Be safe

 By following these recommendations when trekking:

  • Ensure you have adequate insurance which covers emergency rescue by helicopter. Some permits or trekking agencies make this obligatory and require to see evidence.
  • Avoid walking alone. A porter, guide or friend can help you in case of High Altitude Illness. If you are trekking in a group don’t try to compete with anyone (or yourself!). Set your own (sensible) pace.
  • Acclimatization is important when trekking at high altitude. In order to prevent High Altitude Illness walk slowly and ascend no more than 150 meters a day above 3500m. If you go higher than that in one day make sure you descend and sleep at a lower altitude. Download our information sheet on High Altitude Illness here.
  • A minor ailment like blisters can make trekking a miserable experience. Ensure your boots are well broken-in before you arrive. Pay attention to your feet while walking.
  • Keep hydrated while trekking - drink little and often. Don’t wait to drink until you feel thirsty because you push your body to the early stages of dehydration. Drink at least 4 litres of water daily. If your urine is clear it shows you are well-hydrated but if it is very dark make sure you drink more water and take electrolytes to replace body salts.
  • Keep eating even if you are not hungry. Trekking at high altitude is an immense physical challenge. You burn a lot of calories and there is a risk of losing muscle, so it is important to eat nutritious food like pulses e.g. Dal Bhat, walnuts, almonds etc. to repair muscle and recover properly from the exercise you are doing.
  • At the end of your daily trek, do some gentle stretching exercises particularly focussing on your calf and hamstring muscles to prevent injuries.
  • Please remember that you are responsible for the welfare of the support team you take on a hike, whether you hire a guide or porter directly or go through a trekking agency. Make sure your porter is well looked after and has the correct clothing, bedding, food and health and safety provisions. See p.10-11 for more information.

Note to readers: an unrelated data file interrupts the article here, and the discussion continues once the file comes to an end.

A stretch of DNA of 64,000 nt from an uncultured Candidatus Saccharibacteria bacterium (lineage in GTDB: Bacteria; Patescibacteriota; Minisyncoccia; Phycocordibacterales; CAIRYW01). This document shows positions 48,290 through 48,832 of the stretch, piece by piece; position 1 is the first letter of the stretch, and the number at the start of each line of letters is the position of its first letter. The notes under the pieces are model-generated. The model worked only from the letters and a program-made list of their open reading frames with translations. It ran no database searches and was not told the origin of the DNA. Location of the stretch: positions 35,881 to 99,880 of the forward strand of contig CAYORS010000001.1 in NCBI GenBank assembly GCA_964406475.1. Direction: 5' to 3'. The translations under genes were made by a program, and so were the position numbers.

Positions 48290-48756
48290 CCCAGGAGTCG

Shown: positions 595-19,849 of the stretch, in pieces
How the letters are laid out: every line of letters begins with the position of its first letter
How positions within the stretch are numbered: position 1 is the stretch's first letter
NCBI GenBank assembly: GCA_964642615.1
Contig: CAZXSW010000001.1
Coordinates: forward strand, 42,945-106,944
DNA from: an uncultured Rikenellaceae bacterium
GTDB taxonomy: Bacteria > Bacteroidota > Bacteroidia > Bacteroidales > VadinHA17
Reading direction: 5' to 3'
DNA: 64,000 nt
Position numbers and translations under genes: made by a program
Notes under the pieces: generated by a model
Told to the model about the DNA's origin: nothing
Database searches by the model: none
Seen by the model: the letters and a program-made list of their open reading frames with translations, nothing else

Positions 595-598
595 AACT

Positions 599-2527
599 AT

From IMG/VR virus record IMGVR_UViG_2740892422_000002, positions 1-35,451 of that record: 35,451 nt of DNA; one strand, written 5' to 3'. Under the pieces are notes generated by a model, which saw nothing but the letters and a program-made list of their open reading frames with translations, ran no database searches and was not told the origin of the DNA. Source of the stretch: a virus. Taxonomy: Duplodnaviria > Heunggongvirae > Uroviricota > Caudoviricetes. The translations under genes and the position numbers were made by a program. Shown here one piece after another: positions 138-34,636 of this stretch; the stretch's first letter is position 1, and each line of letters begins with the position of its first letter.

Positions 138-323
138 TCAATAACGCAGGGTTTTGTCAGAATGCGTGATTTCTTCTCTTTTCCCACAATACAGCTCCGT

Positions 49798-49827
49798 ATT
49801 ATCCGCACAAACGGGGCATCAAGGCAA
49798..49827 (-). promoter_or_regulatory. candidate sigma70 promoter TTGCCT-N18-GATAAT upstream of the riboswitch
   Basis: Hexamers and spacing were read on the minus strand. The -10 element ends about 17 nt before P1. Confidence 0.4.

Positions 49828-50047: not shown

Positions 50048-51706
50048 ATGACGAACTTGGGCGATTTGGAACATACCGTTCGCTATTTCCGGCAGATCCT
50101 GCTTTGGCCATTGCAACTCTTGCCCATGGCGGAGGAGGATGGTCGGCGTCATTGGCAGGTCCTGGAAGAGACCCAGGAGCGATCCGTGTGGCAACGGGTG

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General health

  • Diarrhoea is a common problem for travellers but with careful attention to hygiene it is possible to reduce your chances of suffering frequent trips to the toilet.
  • Never  drink tap water or use it to brush your teeth – use iodine or other water purification solutions. Be aware that local beer ‘chyang’ is often made with untreated water.
  • Make sure boiled water really is boiled and not just heated.
  • Avoid eating meat while in the mountains and stick to carbohydrates and vegetables.
  • Wash your hands frequently and ensure everybody in your group, including staff, follows this rule. 

Health posts
There are now several health posts located in the main trekking areas, some staffed by western volunteers. Be aware that some are only open during the main trekking season.

Sagarmatha National Park (Everest region)

  • Nicole Niquille Hospital
  • Lukla Government Health Post
  • Namche Bazar Health Post
  • Pheriche HRA Aid-post
  • Khunde Hospital
  • Machermo Rescue Post

Annapurna Conservation Area

  • Besisahar Government Hospital
  • Chame Government Hospital
  • Manang HRA Aid-post
  • Ghorepani Government Health Post
  • Jomsom Government Hospital
  • Muktinath Government Health Post

Langtang National Park

  • Dhunche Government Hospital
  • Syabru Government Health Post